GLORIOUS BABE by John Marcus Powell
A Red Fox brayed in the mid morning mist.
"That effeminate Babe is exquisitely dressed."
A Rook by the brook about to eat a Gnat cawed.
"I adore the extravagance of so many bows."
Just when I was worried that New York City might be done—stick a fork in that homogenized purlieu of financiers and trust-fund hipsters!—the Big Apple offers up a bohemian original to remind us that groundbreaking artists can still thrive in sidewalk cracks, like Marianne Moore’s strawberry that’s had a struggle. John Marcus Powell’s Glorious Babe is the book W. H. Auden might have written (in the vein of “The Platonic Blow”) after inviting Catullus up for a night of love. What shocks and unsettles most in Powell’s audacious—and audaciously musical—poems is not their nostalgia for the glory days of Glory Holes and the “Teeny-Pervs” and “Hooli-girlie-gans” of Christopher Street but how much our needs and obsessions are mirrored by this array of con artists, fine artists, fine friends, and glorious babes. Powell’s forthrightly Queer and queerly forthright collection (with glorious illustrations by Julio M. Perea) affirms, more than any other recent book I can think of, that the job of the poet is, like Trelawney on the beach at Viareggio, to reach into the pyre and seize hold of the human heart.
(DAVID YEZZI / author, Birds of the Air)
Many of us may begin life as glorious babes, but few will end up as glorious and uproarious in our declining years as John Marcus Powell. In these poems he lifts the lid on life and love, demonstrating effortlessly that they are one and the same thing. He gives me special pleasure with his wicked insights into the pretensions of a place where he lived once and I live now. I have laughed delightedly till my lungs ache, but this self-inflicted discomfort is not severe enough to account for the occasional tears, which took me by surprise.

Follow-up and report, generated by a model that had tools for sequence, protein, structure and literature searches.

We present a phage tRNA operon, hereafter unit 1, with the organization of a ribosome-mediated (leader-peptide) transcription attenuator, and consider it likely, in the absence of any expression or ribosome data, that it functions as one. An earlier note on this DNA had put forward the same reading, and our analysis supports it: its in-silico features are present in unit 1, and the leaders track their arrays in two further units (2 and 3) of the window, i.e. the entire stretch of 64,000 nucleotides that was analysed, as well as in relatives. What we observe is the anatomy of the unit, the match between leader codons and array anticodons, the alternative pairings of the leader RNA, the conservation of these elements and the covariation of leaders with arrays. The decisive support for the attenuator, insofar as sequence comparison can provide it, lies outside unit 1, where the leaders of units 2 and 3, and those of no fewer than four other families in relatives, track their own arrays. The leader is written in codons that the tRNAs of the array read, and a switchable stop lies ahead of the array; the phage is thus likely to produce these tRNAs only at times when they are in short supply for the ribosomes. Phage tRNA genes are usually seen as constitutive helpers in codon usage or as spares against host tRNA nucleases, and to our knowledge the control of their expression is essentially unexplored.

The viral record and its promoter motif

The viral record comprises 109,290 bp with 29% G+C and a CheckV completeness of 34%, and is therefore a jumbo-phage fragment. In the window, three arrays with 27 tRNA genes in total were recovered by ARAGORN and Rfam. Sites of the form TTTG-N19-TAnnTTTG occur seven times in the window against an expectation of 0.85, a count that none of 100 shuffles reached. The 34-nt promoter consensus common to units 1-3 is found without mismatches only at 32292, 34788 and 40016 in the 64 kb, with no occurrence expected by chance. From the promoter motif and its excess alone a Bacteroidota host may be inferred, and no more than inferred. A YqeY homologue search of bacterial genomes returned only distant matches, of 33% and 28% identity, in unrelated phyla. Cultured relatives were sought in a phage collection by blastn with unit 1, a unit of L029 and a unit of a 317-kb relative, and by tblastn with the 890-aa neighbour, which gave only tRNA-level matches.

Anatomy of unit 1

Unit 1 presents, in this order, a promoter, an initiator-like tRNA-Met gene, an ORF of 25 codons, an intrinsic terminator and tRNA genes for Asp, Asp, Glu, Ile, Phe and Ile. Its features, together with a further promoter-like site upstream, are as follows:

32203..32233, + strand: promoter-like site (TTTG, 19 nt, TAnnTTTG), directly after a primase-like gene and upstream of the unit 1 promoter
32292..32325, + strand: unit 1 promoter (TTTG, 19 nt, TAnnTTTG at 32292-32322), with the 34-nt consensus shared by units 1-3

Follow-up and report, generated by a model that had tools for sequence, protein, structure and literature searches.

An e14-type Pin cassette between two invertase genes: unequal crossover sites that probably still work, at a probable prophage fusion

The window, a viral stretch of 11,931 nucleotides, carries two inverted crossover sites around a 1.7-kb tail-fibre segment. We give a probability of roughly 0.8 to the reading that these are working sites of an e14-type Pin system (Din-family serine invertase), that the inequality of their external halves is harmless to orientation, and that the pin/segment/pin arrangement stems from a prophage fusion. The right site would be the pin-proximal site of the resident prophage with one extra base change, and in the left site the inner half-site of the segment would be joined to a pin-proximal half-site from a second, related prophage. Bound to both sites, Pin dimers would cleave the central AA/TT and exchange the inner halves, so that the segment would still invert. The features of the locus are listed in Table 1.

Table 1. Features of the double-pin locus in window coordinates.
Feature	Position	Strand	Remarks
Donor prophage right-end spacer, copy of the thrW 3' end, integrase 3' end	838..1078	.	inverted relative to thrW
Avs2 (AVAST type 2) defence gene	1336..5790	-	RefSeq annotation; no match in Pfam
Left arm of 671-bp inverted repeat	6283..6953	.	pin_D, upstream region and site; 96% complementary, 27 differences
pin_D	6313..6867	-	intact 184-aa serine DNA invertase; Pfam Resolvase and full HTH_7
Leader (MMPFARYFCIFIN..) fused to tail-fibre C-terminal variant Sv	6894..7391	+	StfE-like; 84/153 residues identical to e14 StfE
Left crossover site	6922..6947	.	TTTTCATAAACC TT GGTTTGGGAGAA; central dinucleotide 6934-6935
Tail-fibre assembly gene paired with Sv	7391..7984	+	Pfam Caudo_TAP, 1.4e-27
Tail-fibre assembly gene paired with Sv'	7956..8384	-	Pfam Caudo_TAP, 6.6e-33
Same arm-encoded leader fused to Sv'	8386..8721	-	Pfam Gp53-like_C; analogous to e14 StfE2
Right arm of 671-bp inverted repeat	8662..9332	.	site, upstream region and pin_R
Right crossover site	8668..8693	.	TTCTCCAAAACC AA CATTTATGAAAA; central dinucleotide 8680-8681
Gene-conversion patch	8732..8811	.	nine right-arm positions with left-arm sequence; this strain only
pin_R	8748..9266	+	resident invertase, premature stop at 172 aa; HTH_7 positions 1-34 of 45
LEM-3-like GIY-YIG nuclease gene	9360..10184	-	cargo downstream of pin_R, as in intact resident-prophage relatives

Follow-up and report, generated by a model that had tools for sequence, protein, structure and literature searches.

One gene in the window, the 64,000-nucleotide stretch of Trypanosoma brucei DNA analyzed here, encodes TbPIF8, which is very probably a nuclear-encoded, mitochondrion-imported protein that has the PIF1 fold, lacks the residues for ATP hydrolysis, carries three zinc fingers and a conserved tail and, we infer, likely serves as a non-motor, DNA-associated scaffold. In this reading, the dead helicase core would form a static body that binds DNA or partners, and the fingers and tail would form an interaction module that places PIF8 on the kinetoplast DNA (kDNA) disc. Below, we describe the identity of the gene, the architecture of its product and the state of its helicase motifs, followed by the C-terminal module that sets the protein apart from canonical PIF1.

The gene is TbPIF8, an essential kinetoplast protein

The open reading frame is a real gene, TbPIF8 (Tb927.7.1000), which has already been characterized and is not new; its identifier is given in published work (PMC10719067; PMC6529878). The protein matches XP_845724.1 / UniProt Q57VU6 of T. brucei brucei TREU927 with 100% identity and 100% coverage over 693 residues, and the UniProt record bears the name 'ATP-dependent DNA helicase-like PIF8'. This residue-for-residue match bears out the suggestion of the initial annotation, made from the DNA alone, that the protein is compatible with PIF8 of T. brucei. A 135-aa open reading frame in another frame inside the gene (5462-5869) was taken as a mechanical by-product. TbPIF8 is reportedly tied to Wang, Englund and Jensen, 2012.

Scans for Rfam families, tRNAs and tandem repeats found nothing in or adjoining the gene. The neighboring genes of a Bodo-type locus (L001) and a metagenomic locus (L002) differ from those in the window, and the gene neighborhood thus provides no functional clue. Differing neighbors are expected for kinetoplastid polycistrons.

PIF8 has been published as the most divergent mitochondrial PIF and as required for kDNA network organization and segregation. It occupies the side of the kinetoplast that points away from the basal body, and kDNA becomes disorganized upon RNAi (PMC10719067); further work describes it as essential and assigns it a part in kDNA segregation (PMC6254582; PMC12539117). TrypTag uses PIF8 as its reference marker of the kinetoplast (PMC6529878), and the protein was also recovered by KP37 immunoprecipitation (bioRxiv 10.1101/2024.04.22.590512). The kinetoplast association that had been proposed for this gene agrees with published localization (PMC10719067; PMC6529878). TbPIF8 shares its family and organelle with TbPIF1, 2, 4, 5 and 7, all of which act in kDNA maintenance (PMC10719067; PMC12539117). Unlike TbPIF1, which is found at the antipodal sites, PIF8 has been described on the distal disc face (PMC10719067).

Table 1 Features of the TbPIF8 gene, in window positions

(ANN DRYSDALE / author, Quaintness And Other Offences)
The cry is one part cock-a-doodle-doo, to two parts koo-koo-ka-choo. The flavor is somewhere between absinthe and strong black tea. The music is Mahler’s lost symphony for solo accordion. Occasionally there are jalapeños in the dark, merciful mineral waters in the white wine, bothersome gravels in the kidney, and a mushroom cloud on the horizon. The voice is more audible the more intimately it whispers. There is, at times, a bit of spittle—yet the saliva itself is a rare blend, a deep rich brew of sea foam on distant shores, of Bardic dews and daring oral vaudevilles. The man in these poems, the poet in residence, is irresponsibly irrepressible, his wit barbed with warmth, his bait compulsively edible, his verve seemingly infinite. The Coat of Arms is Torch Argent, on Field Azul, within Cracked Heart Oro: silver torch, blue field, heart of gold. The motto, in Letters Négro on Banner Lavender, translated from the original Latin reads as follows: “Stitched with honor, oft besmirched—” followed, in pencil, by a phone number and an obscene suggestion scribbled in an almost illegible script. Scholars contend that this was added at a later date, perhaps as recently as yesterday."
(R. NEMO HILL / author, When Men Bow Down)
"There is not a boring word in the book. The book does not satiate. A sequel would be welcome."
(TOM MERRILL / author, Facing The Remains)
Illustrations by JULIO M. PEREA